About this item
Manchester’s LoneLady has been a firm favourite with most of our rotating assembly over the last decade. Her infectious mix of kinetic drum rhythms, thin and funky, picked guitar lines and completely distinctive vocal style has proven a winning formula for lovers of post-punk, (any)wave and electro-indie hybrids alike. Her intrepid DIY approach sees her writing and playing all instrumental and vocal parts herself, furthering her credentials as an all-in-one modern studio songstress. On Former Things the blueprint reaches its natural zenith – seeing her galvanized grooves emanate from a modest arsenal of instruments with a spontaneous magic. Whereas previous outings were inspired by the industrial Victorian warehouses which once populated the Manchester cityscape, this new set sees her move location to a shooting range in Somerset, offering up expansive, shiny, dare-I-say-it, playful territories within her music. There’s a degree of sonic affluency which reflects her journey from urban to rural.
A detailed equipment list accompanies the LP, going someway to explain how she creates these twangy, bass-banging, arp-studded mechanics. Each arrangement evolves from a basic beat to an unignorable earworm within a typical 16-bar period; the familiarity of her solid construction meaning every single track on the album gets its hook right underneath your skin. Her nonchalant yet candy-covered yearnings remain anthemic across every track; there’s no denying Julie Campbell’s mastery of the chorus!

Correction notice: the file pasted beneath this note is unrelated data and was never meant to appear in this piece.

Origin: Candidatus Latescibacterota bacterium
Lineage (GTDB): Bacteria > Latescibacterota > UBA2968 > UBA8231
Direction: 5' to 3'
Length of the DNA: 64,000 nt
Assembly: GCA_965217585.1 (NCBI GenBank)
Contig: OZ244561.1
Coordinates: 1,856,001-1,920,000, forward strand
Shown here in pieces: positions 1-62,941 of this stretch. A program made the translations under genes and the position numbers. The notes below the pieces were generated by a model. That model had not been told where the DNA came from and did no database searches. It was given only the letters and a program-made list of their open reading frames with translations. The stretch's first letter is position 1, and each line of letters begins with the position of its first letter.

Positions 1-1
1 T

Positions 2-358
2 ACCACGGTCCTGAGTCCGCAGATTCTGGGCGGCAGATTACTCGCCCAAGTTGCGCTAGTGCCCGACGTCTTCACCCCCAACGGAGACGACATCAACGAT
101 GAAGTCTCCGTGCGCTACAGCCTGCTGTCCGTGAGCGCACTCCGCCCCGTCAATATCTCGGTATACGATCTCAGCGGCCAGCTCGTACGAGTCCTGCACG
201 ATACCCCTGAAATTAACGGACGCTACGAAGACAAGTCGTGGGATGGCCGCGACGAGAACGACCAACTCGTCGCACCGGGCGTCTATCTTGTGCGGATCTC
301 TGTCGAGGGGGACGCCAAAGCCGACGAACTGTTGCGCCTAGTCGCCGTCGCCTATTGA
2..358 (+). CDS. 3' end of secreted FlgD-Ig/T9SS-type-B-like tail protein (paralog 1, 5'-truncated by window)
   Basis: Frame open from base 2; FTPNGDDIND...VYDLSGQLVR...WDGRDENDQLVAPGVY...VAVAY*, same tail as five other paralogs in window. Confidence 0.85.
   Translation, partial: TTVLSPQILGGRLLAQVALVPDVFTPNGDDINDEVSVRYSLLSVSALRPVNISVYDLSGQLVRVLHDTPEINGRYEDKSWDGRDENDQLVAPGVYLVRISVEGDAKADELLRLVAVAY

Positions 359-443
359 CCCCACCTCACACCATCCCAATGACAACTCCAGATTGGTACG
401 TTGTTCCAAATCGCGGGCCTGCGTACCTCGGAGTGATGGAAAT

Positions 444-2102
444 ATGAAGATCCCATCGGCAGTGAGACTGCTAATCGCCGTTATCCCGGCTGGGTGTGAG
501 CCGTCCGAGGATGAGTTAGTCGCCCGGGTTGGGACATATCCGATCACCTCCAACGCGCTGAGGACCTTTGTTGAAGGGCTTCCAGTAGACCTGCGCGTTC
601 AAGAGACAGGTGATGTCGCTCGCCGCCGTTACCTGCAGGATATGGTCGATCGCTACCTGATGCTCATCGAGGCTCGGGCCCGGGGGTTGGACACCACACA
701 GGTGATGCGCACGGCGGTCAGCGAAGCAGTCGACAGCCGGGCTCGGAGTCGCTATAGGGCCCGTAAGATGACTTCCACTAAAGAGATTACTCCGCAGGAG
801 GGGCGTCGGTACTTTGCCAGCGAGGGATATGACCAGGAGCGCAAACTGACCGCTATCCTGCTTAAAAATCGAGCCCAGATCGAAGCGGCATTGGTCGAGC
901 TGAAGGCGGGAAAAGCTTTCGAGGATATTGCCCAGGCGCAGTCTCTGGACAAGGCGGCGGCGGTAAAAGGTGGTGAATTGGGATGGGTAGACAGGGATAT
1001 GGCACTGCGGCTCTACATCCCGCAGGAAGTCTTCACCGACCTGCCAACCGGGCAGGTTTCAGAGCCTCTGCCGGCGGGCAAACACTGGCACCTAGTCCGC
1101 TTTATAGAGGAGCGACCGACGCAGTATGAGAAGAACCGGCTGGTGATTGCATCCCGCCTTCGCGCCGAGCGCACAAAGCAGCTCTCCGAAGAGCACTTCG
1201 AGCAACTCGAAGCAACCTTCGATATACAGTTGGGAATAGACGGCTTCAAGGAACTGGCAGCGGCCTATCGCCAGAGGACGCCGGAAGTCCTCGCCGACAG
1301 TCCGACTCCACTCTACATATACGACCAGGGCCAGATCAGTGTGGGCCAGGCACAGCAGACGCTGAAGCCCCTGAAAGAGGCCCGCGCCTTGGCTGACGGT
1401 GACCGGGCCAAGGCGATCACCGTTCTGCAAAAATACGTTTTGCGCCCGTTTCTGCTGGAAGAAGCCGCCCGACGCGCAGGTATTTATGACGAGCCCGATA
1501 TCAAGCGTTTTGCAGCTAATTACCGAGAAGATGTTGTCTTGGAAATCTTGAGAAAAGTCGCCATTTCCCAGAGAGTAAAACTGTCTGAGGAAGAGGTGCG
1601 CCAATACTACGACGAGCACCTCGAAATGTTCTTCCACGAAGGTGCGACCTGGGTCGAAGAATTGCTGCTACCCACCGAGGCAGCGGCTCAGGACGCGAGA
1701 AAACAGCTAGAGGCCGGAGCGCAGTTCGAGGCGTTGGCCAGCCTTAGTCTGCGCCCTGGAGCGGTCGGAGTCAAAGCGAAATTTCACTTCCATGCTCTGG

Huge with indie disco heads AND electronic aficionados this LP has remained a constant feature of my record bag throughout 2021 and garnered rightful accolades from the sincerest corners of the creative community.
Barry says: An absolutely top tip for any fans of machine funk or disco, this newest LoneLady outing sees Campbell brilliantly offsetting the more hefty synth grooves with an acoustic levity and lightness of touch. It's dynamic and exciting, filled with moments of clever production and every bit the deserving follow-up to 2015's 'Hinterland'.
A1. The Catcher / (There Is) No Logic
A2. Former Things / Time Time Time
B1. Threats / Fear Colours
B2. Treasure / Terminal Ground
1. The Catcher
2. (There Is) No Logic
3. Former Things
4. Time Time Time
6. Fear Colours
8. Terminal Ground